The Virgin of Caacupé accompanies the figure of Christ in the chapel that bears her name in Buenos Aires’ Villa 21-24 slum, on the banks of a filthy waterway. Legend has it that the original figure was sculpted by an indigenous Guarani, who sought her protection from enemies in another village. Paraguayans and Jesuit priests were the first to worship her, but today she is also one of the most venerated patron saints of Argentina. Centuries later, she is still enveloped in blue and white with a golden crown carved from wood, but her painted eyes gaze down on a very different reality. Priest Facundo Ribero raises his hand and places it on Angie’s forehead. Her friend Raizza waits her turn, and both trans women receive communion.
When the sun goes down, the light turns yellow inside the church. Barking dogs and cumbia music can be heard beyond the walls, along with the rising smell of meat grilling. Out front, military police stand guard, clutching rifles. Villa 21-24 is a “heavy” neighborhood, as the Argentines say, where the atmosphere is as thick as the unbreathable air.
”More than accepting them, I would say we receive them,” says Facundo, who is known to all by his first name. “We accept something that is given to us, as if there were no other choice. On the other hand, to receive is to take a position. It seems that, little by little, once again ideas that are linked to the purest gospel are being given attention. In the sacred scripture, Jesus appears with friends that nobody else wanted. Prostitutes, tax collectors – the gangsters of the time – lepers; in general, people who were marginalized by society.”
Facundo belongs to a movement of slum priests that emerged in Argentina at the end of the 1960s. They live in the poorest neighborhoods and are committed to the most needy. During the pandemic they have found themselves on the front line, fighting fiercely against the fallout from the virus. Desperate trans people arrive at the doors of this church seeking absolution, and pleading for help.
In Francesco, a documentary that premiered in October 2020 in Rome, Pope Francis encouraged the approval of civil unions for homosexual couples, in a break with his predecessors. The pontiff’s words were captured in a section of the film that reflects on pastoral care for those who identify as LGBTI (lesbian, gay, bisexual, transgender and intersex). “Gay people have a right to be in a family, they are children of God, they have the right to a family. You can’t throw anyone out of a family or make life [for them] impossible because of that,” the pope said. “A cohabitation law is needed. They have the right to be legally recognized,” he added. Subsequently, the Vatican released a statement saying that his words in the documentary were taken out of context and edited. It clarified that Catholic Church doctrine is unchanged.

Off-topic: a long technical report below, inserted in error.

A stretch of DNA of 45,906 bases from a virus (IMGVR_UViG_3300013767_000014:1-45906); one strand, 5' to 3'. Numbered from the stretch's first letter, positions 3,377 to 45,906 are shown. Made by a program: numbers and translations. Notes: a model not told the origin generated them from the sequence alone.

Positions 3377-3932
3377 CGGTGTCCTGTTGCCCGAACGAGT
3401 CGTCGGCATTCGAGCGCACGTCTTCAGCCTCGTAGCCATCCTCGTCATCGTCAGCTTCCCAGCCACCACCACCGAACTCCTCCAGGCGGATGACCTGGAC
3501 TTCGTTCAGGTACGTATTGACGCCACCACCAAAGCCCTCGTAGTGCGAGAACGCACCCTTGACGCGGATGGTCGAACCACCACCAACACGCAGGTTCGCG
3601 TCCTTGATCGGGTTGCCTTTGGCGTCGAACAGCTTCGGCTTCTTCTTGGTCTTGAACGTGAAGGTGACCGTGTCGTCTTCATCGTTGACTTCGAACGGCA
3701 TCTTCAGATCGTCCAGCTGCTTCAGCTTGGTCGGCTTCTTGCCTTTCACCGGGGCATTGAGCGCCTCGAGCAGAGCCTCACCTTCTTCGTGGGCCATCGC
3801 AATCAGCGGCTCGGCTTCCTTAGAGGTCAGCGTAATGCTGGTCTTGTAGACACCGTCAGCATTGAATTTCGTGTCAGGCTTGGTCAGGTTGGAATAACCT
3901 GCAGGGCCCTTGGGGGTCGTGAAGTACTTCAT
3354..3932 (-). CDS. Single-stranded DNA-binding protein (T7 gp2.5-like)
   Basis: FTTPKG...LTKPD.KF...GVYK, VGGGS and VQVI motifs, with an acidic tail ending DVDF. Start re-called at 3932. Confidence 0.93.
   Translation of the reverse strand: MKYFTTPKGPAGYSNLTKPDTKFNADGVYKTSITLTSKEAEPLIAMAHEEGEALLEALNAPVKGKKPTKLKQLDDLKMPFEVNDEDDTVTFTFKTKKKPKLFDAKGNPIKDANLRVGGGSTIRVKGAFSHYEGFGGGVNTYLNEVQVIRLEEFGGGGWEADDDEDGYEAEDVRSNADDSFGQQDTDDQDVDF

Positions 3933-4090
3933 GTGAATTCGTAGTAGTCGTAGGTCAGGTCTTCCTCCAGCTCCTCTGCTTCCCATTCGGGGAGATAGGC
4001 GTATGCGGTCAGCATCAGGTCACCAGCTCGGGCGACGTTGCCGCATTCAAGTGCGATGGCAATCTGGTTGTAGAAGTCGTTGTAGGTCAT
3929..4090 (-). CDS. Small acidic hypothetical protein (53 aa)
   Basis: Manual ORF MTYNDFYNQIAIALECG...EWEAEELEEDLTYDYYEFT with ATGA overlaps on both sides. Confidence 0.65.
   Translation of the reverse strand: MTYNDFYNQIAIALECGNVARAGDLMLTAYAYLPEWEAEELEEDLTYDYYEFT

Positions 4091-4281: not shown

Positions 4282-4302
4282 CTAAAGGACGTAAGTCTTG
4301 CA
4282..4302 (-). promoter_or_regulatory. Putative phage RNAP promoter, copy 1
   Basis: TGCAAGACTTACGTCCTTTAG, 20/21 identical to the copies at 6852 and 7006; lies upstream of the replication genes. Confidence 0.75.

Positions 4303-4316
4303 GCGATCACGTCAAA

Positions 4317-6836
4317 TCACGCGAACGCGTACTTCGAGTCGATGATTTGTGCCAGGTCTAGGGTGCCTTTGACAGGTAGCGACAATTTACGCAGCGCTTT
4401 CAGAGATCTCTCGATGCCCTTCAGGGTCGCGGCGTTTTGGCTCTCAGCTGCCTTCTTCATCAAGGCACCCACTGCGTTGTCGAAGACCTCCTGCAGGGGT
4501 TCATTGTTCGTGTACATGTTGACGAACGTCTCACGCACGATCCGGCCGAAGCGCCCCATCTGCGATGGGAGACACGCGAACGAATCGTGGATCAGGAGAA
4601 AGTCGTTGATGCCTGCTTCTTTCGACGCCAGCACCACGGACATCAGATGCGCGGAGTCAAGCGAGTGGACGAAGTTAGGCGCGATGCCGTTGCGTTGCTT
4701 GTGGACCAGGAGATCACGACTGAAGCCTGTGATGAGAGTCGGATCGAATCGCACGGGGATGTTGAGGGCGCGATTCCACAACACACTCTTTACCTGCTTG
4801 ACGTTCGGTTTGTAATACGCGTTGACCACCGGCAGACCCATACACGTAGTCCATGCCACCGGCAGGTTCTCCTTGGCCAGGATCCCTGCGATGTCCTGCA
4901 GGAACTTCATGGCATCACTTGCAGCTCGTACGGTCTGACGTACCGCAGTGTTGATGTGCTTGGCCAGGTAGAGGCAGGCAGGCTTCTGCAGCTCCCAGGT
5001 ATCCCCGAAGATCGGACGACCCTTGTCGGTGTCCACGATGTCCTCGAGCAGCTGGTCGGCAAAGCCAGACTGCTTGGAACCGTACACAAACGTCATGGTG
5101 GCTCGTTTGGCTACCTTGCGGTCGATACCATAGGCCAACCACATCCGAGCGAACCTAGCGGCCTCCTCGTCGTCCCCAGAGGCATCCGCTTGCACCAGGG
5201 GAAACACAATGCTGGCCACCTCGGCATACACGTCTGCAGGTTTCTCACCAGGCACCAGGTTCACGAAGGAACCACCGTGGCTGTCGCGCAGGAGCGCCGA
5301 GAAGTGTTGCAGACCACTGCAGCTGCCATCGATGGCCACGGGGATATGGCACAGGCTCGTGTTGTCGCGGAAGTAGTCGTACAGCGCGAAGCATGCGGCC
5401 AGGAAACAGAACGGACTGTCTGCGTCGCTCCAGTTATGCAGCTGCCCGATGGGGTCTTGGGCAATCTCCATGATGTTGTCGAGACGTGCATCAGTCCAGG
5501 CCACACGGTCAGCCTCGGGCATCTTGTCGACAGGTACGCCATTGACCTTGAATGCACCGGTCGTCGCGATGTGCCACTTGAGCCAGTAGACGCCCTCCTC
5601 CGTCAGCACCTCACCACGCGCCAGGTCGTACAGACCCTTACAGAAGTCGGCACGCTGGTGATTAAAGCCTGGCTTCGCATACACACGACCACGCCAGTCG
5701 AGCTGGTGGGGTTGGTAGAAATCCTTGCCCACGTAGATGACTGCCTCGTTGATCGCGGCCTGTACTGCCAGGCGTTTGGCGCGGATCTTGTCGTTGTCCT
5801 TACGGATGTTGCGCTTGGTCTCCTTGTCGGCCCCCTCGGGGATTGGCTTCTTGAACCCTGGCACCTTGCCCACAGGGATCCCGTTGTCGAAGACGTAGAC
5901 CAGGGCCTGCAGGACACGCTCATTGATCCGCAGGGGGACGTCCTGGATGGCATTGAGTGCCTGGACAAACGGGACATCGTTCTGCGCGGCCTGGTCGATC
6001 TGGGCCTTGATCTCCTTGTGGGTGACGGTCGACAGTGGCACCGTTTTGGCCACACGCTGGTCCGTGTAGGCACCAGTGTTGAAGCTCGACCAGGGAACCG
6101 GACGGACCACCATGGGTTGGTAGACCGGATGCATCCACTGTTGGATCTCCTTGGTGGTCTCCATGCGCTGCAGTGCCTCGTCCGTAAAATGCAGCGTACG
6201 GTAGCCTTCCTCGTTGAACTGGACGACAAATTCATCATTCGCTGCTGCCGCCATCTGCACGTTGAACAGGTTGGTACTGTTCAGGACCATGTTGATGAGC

Five years ago, Pope Francis was asked directly about trans people. “Life is life, and things should be taken as they come,” the pope said. “Sin is sin, but trends or hormonal imbalances … can cause many problems and we have to be careful.” However, he then added: “But each case must be welcomed, accompanied, studied, discerned and integrated. That is what Jesus would do today.” That might sound confusing for many worshippers, but Father Facundo doesn’t think so: “It doesn’t sound strange. We met him here when he was a cardinal. He clarified things for us with his keen remarks. It brings a lot of clarity in terms of mapping out a new horizon,” he says. After praying, Angie and Raizza say goodbye to the priest, and he bids them goodbye with the words “go in peace.” The women disappear into a labyrinth of narrow, winding streets. They are not afraid of the night, their former ally, but of the “wolves” that lurk in the darkness.
The next day, the sun shines brightly. We are in Flores, where Pope Francis grew up and found his calling. It is also home to Animí, a shelter linked to Hogar de Cristo (Home of Christ), a Catholic charity. Here, trans women arrive fleeing lives on the street, often marked by abuse and addiction. Angie opens the door, smiling. The house has eight rooms, communal spaces and weekly activities in theater, gardening, therapy, and advice on legal and work matters. They also make handbags and belts for a well-known Argentine brand. Angie has lived here the longest of all the residents, and seems at ease. Her room is perfectly tidy, and when she timidly opens one of the closets, a rosary hangs from a picture of her mother. The portrait reads: “Alda Esmelda, the best of all the mothers who brought me to this.”
The road has been far from smooth. “Almost a year ago I had a stroke, I was hospitalized for a year, but now I feel happy to be in a beautiful home,” Angie says. “I left the street behind, all ugly things that happened there. I took paco [crack] with a gang that brought me over from Peru. I haven’t touched that crap for almost 10 years.” Her family were observant Catholics. “That comes from my mother, may she rest in peace. They were very Catholic, went to Mass and everything. I was baptized. In my country I felt uncomfortable, as society is much more closed-minded, but here in Argentina people are much more liberal.” Regardless, she adds: “I have always believed in God.”